by Andrew Behrendt, M.Div. Jr.
One of faculty member Randy Nelson's priorities after retiring this year is a long-neglected stamp collection. "I've got baskets and bags full of stamps that could probably occupy me for two years," he said with a laugh. Collecting items used to send letters worldwide will be a fitting hobby for a man who has helped send Luther Seminary students on internships around the globe.
Nelson, 65, Director of Contextual Education and Melvin A. Hammarberg Professor of Contextual Education, has been the seminary's foremost figure in preparing students for ministry through practical experience in the church and world, particularly through internships. He looks back on his career as a tight-rope walk that has required balancing the church's needs with those of the many students he has served. "My role has been both to represent the church and yet to say, 'I want to be an advocate for you as a student,'" said Nelson. It's an effort that's appreciated by decades of students.
"What makes Randy so incredibly great at his job is his refusal to let the policies and systems of the internship process and life at Luther Seminary overshadow the importance of knowing a student personally," says Leslie Williamson, '06, a pastor in Des Plaines, Ill. "During my internship in Mexico City, Randy listened to my concerns, frustrations, dreams and desires," said Williamson. Raised in rural South Dakota, Nelson found encouragement and a sense of call while filling in as preacher at several congregations the summer before his senior year of high school. He received his Master of Divinity degree from the Lutheran School of Theology at Chicago (LSTC) in 1968 and remained in the Windy City to assist part-time at a north-side congregation, while working toward further degrees at the University of Chicago Divinity School and serving LSTC as a teacher, acting dean of students and assistant to the director of field education. In 1975, he received a call to Luther Seminary.
"I just followed open doors," Nelson says. "In some ways, my whole journey as a called person has been to respond to opportunities that surface, and I've been affirmed in doing that." He began his work with Luther Seminary as Associate Director of Contextual Education in an early joint initiative between Luther Theological and Northwestern Seminaries that would ultimately form Luther. During the 32 years he worked at Luther, he made up to 60 internship-site visits a year, establishing a career that included nationwide and global travel. Nelson also served on the faculty and in 1982 became Director of Contextual Education. Three years ago, his role expanded to include the role of Director of the Western Mission Cluster's Contextual Leadership Initiative, serving both Luther Seminary and Pacific Lutheran Theological Seminary.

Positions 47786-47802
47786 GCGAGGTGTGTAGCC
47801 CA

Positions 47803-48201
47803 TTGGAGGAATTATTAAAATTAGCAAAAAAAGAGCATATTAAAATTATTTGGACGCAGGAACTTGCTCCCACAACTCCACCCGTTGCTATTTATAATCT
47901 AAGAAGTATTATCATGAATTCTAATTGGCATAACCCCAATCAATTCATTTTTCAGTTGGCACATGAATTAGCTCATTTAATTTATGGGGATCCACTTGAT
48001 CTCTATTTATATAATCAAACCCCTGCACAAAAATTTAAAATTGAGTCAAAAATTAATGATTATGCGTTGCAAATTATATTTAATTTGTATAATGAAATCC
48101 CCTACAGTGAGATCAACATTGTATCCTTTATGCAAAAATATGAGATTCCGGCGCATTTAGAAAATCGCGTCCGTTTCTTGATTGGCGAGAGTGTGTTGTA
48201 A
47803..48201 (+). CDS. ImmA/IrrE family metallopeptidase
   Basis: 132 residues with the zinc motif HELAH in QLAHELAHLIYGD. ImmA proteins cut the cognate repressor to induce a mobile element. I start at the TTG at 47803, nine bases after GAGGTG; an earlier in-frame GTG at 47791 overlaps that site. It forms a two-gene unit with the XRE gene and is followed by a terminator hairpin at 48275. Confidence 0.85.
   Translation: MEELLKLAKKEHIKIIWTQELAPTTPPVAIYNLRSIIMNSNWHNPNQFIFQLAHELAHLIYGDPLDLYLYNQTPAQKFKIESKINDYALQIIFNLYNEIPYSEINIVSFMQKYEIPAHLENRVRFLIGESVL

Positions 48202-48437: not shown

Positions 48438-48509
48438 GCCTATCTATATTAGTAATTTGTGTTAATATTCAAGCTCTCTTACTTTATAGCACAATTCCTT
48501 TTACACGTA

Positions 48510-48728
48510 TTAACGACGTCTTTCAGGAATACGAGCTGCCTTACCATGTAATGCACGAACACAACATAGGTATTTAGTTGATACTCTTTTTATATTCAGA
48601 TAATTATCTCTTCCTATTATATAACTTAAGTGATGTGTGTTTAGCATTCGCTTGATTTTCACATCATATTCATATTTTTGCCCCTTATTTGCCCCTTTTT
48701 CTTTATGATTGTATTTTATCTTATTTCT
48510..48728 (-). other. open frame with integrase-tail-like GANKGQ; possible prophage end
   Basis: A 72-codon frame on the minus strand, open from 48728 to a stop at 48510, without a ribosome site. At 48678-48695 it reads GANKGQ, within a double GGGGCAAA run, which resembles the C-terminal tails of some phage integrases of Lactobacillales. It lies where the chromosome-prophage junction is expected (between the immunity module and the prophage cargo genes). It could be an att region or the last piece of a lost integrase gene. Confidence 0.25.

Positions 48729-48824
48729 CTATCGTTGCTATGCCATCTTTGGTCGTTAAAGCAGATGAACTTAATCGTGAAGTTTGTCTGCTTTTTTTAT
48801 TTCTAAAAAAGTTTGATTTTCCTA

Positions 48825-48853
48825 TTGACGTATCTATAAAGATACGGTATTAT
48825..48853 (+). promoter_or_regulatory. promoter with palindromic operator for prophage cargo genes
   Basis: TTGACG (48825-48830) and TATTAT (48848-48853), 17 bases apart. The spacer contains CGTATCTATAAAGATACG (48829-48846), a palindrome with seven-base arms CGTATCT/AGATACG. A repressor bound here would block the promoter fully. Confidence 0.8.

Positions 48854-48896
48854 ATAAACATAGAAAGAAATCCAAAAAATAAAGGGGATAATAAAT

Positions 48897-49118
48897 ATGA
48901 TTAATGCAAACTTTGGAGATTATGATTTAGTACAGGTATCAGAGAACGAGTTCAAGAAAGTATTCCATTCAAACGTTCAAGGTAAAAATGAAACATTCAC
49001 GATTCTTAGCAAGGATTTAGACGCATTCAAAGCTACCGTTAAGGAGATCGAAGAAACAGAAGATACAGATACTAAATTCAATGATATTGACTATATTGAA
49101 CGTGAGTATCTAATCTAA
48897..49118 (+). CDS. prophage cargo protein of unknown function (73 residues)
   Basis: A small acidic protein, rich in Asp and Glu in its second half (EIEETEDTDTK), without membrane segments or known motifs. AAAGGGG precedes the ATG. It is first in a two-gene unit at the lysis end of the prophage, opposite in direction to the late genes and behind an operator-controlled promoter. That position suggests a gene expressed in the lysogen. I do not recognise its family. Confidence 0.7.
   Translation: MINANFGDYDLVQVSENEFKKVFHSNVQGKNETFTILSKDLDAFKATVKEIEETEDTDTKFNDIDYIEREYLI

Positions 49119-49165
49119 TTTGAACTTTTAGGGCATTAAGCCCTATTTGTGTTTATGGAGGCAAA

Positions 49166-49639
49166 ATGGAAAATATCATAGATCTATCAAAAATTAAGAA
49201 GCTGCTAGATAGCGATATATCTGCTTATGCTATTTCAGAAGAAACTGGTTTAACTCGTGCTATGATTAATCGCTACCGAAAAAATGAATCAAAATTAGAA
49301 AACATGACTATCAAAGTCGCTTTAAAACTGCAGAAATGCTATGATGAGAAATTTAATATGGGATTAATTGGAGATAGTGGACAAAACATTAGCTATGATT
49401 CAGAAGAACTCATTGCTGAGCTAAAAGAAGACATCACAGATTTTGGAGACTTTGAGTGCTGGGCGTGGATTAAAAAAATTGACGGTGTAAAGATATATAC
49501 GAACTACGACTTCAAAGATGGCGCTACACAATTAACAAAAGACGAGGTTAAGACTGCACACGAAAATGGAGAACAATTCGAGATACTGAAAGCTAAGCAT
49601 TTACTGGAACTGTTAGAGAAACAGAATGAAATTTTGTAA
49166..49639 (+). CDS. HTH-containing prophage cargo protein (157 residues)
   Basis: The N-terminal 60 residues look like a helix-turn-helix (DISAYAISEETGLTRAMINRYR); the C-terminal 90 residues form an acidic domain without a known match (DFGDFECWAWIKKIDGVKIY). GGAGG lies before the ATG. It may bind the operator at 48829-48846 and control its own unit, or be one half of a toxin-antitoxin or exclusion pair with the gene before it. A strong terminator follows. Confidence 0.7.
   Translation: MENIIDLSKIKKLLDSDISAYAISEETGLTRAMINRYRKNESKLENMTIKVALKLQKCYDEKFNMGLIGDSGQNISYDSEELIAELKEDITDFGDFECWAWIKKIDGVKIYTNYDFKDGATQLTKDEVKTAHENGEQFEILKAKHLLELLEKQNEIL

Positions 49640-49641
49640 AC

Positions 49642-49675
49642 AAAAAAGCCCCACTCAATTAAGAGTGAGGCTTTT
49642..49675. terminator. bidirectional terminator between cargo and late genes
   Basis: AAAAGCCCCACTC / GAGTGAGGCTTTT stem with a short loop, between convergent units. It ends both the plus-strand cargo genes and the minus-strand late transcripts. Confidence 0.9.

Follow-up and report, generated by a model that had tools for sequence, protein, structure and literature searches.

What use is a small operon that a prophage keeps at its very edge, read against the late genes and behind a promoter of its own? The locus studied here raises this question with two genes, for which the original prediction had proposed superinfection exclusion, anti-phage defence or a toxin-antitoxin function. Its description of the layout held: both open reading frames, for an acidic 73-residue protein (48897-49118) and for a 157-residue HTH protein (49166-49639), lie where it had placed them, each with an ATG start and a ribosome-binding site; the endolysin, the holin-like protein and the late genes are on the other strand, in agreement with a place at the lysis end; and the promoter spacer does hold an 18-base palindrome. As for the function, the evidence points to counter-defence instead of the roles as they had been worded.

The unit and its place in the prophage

Overseeing Contextual Leadership, Clinical Pastoral Education and Cross-Cultural Education as well as internships, Nelson is grateful to his small but reliable staff. He notes an interest in social justice and liberation theology, stemming largely from the movements that surrounded him while in Chicago. Most deeply, he considers his work at Luther Seminary to be pastoral and defined by relationships.
Randy cares deeply about students and their families and about the kind of pastors Luther Seminary is training," says Master of Divinity senior Marc Ostlie-Olson. "He will always be an asset in your corner."
"Although Randy is nationally known for his career in contextual education--offering new and innovative ways to bring the gospel into the world--I must say, to me, Randy's greatest gift is his theological depth and perspective," says Michael Anderson, '84, for whom Nelson was a mentor while he was a Master of Divinity student and later a Master of Theology student. "I know with retirement, Randy will find new ways to continue living his faith in the world, seeking to challenge injustice and promote peace."
Nelson will retire at the same time as his wife Joy, a public school social worker. The Nelsons have three grown children, who, along with their families, all live in the Twin Cities area. In addition to spending time with family and doing some traveling with his wife, Nelson says he'll keep busy in the community and on his church's council while picking up an occasional project at Luther, if requested. Retirement promises to be a bit more easygoing for a man who long ago realized the importance of taking things easy while working hard.
"When I first started here, I thought I could control the process, and after about two or three years, I realized, 'We can't control this, so go with the flow,'" said Nelson, noting how even big shortages in internship sites have worked themselves out somehow. "We find a way, or better said, the Spirit finds a way to work through us. And it works."
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